utilitarianism


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u·til·i·tar·i·an·ism

 (yo͞o-tĭl′ĭ-târ′ē-ə-nĭz′əm)
n.
1. The belief that the value of a thing or an action is determined by its utility.
2. The ethical theory proposed by Jeremy Bentham and James Mill that all action should be directed toward achieving the greatest happiness for the greatest number of people.
3. The quality of being utilitarian: housing of bleak utilitarianism.

utilitarianism

(juːˌtɪlɪˈtɛərɪəˌnɪzəm)
n
1. (Philosophy) the doctrine that the morally correct course of action consists in the greatest good for the greatest number, that is, in maximizing the total benefit resulting, without regard to the distribution of benefits and burdens
2. (Philosophy) the theory that the criterion of virtue is utility

u•til•i•tar•i•an•ism

(yuˌtɪl ɪˈtɛər i əˌnɪz əm)

n.
1. the ethical doctrine that virtue is based on utility, and that conduct should be directed toward promoting the greatest happiness of the greatest number of persons.
2. utilitarian quality or character.
[1820–30]

utilitarianism

the ethical doctrine that virtue is based upon utility and that behavior should have as its goal the procurement of the greatest happiness for the greatest number of persons. — utilitarian, n., adj.
See also: Ethics
the philosophical tenets set forth by John Stuart Mill based on the principle of “the greatest good for the greatest number” and holding that the criterion of virtue lies in its utility. — utilitarian, n., adj.
See also: Philosophy

utilitarianism

A philosophical school of thought arguing that ethics must be based on whatever brings the greatest amount of good to the greatest number of people.
ThesaurusAntonymsRelated WordsSynonymsLegend:
Noun1.utilitarianism - doctrine that the useful is the good; especially as elaborated by Jeremy Bentham and James Mill; the aim was said to be the greatest happiness for the greatest number
doctrine, ism, philosophical system, philosophy, school of thought - a belief (or system of beliefs) accepted as authoritative by some group or school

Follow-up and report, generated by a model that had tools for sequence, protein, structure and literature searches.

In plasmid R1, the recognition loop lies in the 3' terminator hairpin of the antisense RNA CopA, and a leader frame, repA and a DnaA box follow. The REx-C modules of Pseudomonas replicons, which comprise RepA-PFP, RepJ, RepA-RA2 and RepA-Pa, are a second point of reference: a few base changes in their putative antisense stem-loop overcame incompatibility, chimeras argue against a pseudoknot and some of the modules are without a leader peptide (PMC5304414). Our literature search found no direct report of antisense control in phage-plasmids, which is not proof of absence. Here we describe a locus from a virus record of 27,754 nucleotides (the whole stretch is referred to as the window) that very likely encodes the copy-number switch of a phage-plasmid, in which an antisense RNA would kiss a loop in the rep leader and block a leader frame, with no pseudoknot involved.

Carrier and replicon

Translations

utilitarianism

[ˌjuːtɪlɪˈtɛərɪənɪzəm] Nutilitarismo m

utilitarianism

n (Philos) → Utilitarismus m
References in classic literature ?
In the earlier series of books containing, among others, Bosanquet's "History of Aesthetic," Pfleiderer's "Rational Theology since Kant," Albee's "History of English Utilitarianism," Bonar's "Philosophy and Political Economy," Brett's "History of Psychology," Ritchie's "Natural Rights," these objects were to a large extent effected.
But knockers may be muffled for other purposes than those of mere utilitarianism, as, in the present instance, was clearly shown.
She had not, indeed, surrendered her money; in that there would have been a romantic or monkish abandon quite alien to her masterful utilitarianism. She held her wealth, she would say, for use upon practical social objects.
Utilitarianism in its origins was strongly connected with classical liberalism, a view that stresses individual freedom.
The ethical theories that will be used to support and oppose the ethical mandate that a child's assent to participate in research that does not have the potential to directly benefit the child are deontology and utilitarianism.
Robin, elicits a moral evaluation within the philosophical views of justice, relativism, egoism, utilitarianism, and deontology.
There were silly statements about hamburgerology and irrelevant references to the vile traduction of our erstwhile peerless education system by grim utilitarianism. Learning was an end in itself, and academic rigour the only real benchmark.
Yet utilitarianism insists that if it is not beneficial to apply the law in particular cases, we should not do so.
predicates its every action upon this identifiable paradigm of preemption and utilitarianism: it must instigate the Third Invasion sanctioning any and all costs to its small band of troopers to ensure the continued subsistence of greater humanity.
In Utilitarianism Mill explores his Utilitarian beliefs, which are mainly influenced by Jeremy Bentham and his own father.
(271.) The most important philosophical approaches or normative justifications for copyright law are: instrumentalism or utilitarianism, natural rights based principally on Locke, and moral rights based on Kant and Hegel.